Retinal Detachment


This is a pulling away of the retina from the inner surface of your eye. It severely impairs your vision. Without proper treatment, this vision loss can become permanent.


The retina is a light-sensitive layer of cells. It lines the inner side of the rear of the eye. It contains special cells that convert light into signals that are transmitted to your brain. Beneath the retina is a layer of tissue called the choroid. It contains blood vessels that nourish the retina.


Retinal detachment can develop as a result of aging. As you get older, the gel-like fluid in your eyes, called "vitreous," can begin to shrink and contract. This fluid can pull against the retina, causing a tear. A tear allows fluid to get behind the retina, separating it from the choroid. Retinal detachment can also be caused by an injury to your eye or face. It can develop as a complication of certain diseases or conditions.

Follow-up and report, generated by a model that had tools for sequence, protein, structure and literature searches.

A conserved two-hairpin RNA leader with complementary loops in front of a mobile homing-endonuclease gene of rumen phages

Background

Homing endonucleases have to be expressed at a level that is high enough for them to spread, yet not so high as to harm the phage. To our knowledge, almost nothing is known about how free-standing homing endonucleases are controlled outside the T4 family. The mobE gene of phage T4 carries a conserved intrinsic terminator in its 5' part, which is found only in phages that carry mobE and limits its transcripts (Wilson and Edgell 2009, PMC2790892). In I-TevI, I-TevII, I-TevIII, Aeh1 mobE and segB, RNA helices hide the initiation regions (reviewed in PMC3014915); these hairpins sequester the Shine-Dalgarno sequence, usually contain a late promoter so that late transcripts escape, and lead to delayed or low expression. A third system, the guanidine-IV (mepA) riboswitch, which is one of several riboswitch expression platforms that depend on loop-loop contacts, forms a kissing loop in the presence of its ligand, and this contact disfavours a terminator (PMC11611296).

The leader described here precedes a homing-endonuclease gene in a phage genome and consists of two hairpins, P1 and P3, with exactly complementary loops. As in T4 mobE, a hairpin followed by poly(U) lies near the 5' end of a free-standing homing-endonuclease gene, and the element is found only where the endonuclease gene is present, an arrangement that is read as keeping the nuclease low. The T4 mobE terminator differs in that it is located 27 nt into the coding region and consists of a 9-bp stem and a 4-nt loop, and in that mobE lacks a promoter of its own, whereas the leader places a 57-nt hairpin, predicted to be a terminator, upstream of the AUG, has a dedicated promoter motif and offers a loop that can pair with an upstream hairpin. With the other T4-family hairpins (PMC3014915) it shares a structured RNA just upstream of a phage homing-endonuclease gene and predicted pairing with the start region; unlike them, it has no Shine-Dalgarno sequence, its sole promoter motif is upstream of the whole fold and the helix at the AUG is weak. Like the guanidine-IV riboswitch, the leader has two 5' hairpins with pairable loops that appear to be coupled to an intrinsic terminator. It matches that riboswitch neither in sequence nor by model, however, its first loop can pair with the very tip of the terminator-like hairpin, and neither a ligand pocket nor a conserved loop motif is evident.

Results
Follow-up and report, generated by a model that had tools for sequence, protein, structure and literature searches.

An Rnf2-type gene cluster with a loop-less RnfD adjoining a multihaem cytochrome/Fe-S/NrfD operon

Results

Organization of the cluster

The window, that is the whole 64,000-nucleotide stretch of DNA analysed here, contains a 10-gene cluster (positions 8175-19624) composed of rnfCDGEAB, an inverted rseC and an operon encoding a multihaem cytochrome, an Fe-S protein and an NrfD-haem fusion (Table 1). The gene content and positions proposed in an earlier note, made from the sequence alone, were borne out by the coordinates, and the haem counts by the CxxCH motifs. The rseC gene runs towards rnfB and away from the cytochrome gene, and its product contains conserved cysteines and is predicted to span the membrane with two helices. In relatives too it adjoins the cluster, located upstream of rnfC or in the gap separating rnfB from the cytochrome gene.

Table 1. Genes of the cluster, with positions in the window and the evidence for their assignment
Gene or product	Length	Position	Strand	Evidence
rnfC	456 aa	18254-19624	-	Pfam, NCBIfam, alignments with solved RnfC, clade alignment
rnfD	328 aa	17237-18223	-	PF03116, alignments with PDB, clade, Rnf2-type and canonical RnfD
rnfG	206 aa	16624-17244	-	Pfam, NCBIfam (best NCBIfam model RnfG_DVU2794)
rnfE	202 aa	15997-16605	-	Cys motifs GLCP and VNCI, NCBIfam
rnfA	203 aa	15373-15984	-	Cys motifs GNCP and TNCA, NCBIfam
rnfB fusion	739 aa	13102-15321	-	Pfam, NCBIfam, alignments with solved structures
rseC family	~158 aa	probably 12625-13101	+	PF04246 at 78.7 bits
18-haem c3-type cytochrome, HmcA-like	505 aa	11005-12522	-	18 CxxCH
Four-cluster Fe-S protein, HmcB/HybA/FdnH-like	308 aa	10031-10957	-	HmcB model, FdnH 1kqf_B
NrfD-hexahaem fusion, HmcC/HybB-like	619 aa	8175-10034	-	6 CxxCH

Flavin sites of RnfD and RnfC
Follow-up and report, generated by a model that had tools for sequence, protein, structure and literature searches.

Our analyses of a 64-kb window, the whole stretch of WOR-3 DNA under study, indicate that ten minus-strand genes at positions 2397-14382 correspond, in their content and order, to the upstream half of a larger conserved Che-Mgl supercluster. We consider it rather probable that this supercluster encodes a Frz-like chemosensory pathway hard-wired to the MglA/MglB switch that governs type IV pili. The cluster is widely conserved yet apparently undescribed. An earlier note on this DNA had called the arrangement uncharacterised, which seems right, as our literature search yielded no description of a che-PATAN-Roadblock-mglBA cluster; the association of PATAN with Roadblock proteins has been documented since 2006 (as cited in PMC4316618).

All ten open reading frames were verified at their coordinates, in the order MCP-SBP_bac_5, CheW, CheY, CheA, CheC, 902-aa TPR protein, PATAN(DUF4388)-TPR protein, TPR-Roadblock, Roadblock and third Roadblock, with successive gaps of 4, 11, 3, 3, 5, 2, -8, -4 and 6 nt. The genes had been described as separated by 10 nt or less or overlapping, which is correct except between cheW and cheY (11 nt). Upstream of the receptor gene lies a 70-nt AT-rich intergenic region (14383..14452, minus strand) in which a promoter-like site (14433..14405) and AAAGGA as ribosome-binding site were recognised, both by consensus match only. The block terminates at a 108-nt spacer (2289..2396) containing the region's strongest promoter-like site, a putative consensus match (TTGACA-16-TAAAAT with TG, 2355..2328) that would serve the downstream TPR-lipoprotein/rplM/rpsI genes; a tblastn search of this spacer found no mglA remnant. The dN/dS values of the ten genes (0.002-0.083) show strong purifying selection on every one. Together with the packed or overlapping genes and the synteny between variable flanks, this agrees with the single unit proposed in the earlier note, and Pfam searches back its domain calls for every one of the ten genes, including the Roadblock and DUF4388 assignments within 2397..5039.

If you have a detached retina, you may see objects floating in your field of vision. Part of your visual field may be blocked. You may see flashes of light. These symptoms can develop suddenly.


Retinal detachment is an emergency situation. Seek medical help as quickly as possible. There are a variety of techniques that can be used to repair a detached retina. Your healthcare provider can create a care plan that is right for your needs.